You may remember my 1964 Chevy Impala project from a while ago. Unfortunately, it hasn’t changed a whole lot in the past several months because of “life” combined with horrible New England winter. Luckily, now that it is above freezing outside sometimes, I’m starting to mess around with it again. Sweet right? Yea I think so too. Most recently, I decided to tackle a small project that has been bothering me for about 10 years. I call it “The stupid exploded muffler.”
This muffler story begins about 13-14 years ago when I reinstalled the straight 6 back into the rolling 64 Impala convertible chassis that I had just rebuilt. As you can imagine, I needed a new exhaust system to attach to my fancy painted engine (it was fancy at the time – now it looks terrible again). So, I went to my local auto part store and spent about $120 on a whole new exhaust system, including the muffler. Since then, the car has probably traveled … oh… maybe 3 total miles under its own power. Every inch of that was with a crappy carburetor, idling around my driveway. AKA – worst idea ever. Letting a car sit is the meanest thing that you can do to it, and this car really did some serious sit time. It’s just not good for the car, or any part attached to a car, especially the carburetor.
As you can tell from the pictures, at some point raw fuel built up in the muffler, and it ignited with the force of one thousand squirrels. The muffler ballooned enough to rattle on the floor pan with every rotation of the six’s crankshaft. That noise will drive a person crazy. The muffler explosion also tore the muffler open slightly in 1 area, but I welded it back up years ago just to keep it sealed. Now, many years later, I have rebuilt the carburetor, and it was finally time to replace the stupid exploded muffler.
Notice the wrinkles, the thickness difference, and awesomeness that is my stupid exploded muffler.
In the interest of shining a light on the OEM vs aftermarket truth, I wanted to show off a little something I noticed during my travels. Not too long ago, I replaced my timing belt, pulleys, hydraulic tensioner, and water pump on my 2005 Subaru Impreza RS 2.5 SOHC (booo no turbo, I know, I know, it was a good deal). As you can imagine, I got part number GAEEK00038 from 1A Auto (Hey, I can throw a subtle ad in here if I want, amirite?) Anyway, the timing belt kit that I purchased was made by Gates, who is a very well known, and reputable brand in the auto part world. When I opened the box, it was a bit of an “Ah Ha!” moment. Mixed in with the Gates brand water pump and belt, were OEM pulleys! They had all the same markings as the OEM ones that I pulled off of my Subaru. Yes, 100% totally identical in every way. Cool right? (New ones on the left, old ones on the right)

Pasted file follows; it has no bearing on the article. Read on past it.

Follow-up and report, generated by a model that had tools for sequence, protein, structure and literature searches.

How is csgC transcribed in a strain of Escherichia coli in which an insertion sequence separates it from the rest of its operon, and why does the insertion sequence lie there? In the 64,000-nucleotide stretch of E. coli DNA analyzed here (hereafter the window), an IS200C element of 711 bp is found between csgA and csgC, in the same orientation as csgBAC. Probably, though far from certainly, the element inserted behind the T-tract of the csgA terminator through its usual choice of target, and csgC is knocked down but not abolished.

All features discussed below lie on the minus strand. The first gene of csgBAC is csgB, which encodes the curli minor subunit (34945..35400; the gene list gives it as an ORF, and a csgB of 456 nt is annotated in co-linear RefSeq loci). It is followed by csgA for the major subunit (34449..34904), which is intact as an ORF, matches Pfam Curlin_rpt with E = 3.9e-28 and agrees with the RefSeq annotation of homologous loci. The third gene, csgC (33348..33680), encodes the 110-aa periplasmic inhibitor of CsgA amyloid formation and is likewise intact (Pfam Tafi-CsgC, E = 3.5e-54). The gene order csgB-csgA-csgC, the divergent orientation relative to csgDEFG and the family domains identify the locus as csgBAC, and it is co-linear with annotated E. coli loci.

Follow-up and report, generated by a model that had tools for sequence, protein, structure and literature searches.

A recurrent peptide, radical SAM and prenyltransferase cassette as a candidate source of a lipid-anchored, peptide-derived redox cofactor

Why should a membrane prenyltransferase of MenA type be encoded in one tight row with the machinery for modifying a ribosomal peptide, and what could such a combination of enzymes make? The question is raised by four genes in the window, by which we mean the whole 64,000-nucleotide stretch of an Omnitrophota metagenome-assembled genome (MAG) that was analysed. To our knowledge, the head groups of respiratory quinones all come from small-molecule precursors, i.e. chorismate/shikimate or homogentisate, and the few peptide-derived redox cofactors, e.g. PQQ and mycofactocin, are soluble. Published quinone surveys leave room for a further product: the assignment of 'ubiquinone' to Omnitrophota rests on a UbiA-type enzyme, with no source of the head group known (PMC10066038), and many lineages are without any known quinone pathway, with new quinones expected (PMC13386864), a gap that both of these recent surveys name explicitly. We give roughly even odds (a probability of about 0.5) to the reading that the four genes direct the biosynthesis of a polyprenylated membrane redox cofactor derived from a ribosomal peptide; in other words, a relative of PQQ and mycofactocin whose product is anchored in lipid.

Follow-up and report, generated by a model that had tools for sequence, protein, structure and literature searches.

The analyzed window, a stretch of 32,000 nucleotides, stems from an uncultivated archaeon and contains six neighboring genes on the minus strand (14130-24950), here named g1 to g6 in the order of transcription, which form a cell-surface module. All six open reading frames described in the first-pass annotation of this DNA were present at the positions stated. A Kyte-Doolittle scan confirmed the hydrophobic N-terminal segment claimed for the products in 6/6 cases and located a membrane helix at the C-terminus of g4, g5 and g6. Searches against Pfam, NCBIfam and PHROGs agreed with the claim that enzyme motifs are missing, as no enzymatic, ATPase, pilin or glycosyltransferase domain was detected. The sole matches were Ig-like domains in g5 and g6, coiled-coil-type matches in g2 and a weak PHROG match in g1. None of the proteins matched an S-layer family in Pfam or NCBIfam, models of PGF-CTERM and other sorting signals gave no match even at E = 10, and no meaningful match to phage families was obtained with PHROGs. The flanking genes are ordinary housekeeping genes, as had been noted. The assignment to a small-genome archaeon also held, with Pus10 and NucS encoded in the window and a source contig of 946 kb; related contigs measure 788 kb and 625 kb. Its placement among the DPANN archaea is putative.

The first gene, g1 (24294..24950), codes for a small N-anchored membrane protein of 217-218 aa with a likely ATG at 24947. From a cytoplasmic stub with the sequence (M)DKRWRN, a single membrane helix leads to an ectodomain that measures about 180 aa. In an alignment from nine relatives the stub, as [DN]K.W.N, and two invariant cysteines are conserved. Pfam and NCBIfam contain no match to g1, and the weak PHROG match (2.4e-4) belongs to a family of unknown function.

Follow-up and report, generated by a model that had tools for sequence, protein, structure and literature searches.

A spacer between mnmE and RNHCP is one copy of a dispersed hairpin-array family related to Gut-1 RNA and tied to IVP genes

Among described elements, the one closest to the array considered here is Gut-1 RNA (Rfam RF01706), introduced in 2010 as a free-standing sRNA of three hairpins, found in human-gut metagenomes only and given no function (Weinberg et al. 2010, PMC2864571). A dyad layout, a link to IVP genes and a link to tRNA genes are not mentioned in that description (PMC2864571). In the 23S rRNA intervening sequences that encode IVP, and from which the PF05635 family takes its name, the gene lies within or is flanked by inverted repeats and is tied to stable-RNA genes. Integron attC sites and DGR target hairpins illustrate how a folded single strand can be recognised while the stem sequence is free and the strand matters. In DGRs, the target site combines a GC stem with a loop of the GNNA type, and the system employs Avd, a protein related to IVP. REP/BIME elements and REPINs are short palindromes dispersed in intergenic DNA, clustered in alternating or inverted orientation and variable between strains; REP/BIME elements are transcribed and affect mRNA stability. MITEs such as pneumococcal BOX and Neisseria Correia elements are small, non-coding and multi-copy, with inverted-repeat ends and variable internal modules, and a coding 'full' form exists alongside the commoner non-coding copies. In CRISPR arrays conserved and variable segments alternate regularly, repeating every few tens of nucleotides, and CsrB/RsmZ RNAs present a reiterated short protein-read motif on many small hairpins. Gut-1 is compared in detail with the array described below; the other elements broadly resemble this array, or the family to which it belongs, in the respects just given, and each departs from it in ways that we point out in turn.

Much like I had seen in the past, even though it is considered an “aftermarket” part, it may actually be OEM. Now, obviously this is not the case every time. In fact, I would say that it is the minority. But, hey, it happens more than you might think. Beautiful “aftermarket” …ehem… OEM… parts at a bargain price!
As you may have heard, in New England, we have rusty cars. Lots of them. It’s disgusting. The best that we can hope for is that our fenders and suspension don’t fly off unexpectedly on the highway. Because that kind of stuff actually happens around here. Quite regularly, I see control arms rotted in half, entire mufflers in the middle of the road, and struts where the lower coil mount snaps off and allows the coil to stab the tire.
Being a car-guy, I like my cars, so one of the actions that I enjoy doing every few months is cleaning debris out of my front fenders. It’s strange, I know, but I do it regularly with hopes that it will make some kind of difference in the life of the vehicle. That being said, I never keep a car long enough to find out. It’s a blessing and a curse I guess.
So anywho… I usually start by staring at the lower section of my fender to figure out what needs to happen for me to get the gross stuff out.
On my 2005 Subaru Impreza, I began this process by removing the black plastic inner fender. Behind it is where I found about 3 lbs of dirt, mud, sticks, bugs and pine needles… Notice how lovely the area looks with that pollen covered water line. Nice.
» Continue reading more of this post…
A few weeks ago, I found myself with a flat tire in the RX8. The air had been leaking out slowly over a few days, so I assumed that I had a nail in it, as usual.
Step 1) Remove the wheel from the vehicle, and spray soapy water all over the tread area of the tire. Watch for bubbles.
Strangely – I didn’t find an air leak. So I moved on to step 2, which I had almost forgot existed, because I always find a nail in my tire during step 1.
Step 2) Spray the tire valve stem, and the bead of the tire where it meets the wheel with the soapy water. Watch for bubbles. » Continue reading more of this post…
Last week, I decided to replace the ol’ spark plugs on my 2005 Subaru Impreza RS. While the car was running perfectly fine, I figured that they were due since the car had 105K miles on it. Luckily for me, yanking the spark plugs out of a non-turbo Subaru Impreza is completely drama free. Within a few minutes, all of the old ones were out and they clearly looked worn out. Their gaps were twice what the factory called for, and then some. It’s really amazing that the Subie wasn’t running rougher.
Before long the new spark plugs were tossed back in, and I was pleasantly surprised to find a noticeable difference in engine smoothness at idle, and while accelerating. I hadn’t realized that it wasn’t smooth before, until I felt the new smooth. Sure enough, the new smooth is considerably better. I’m hoping that this will gets me the other mile per gallon that I need to hit a consistent 30… We’ll see!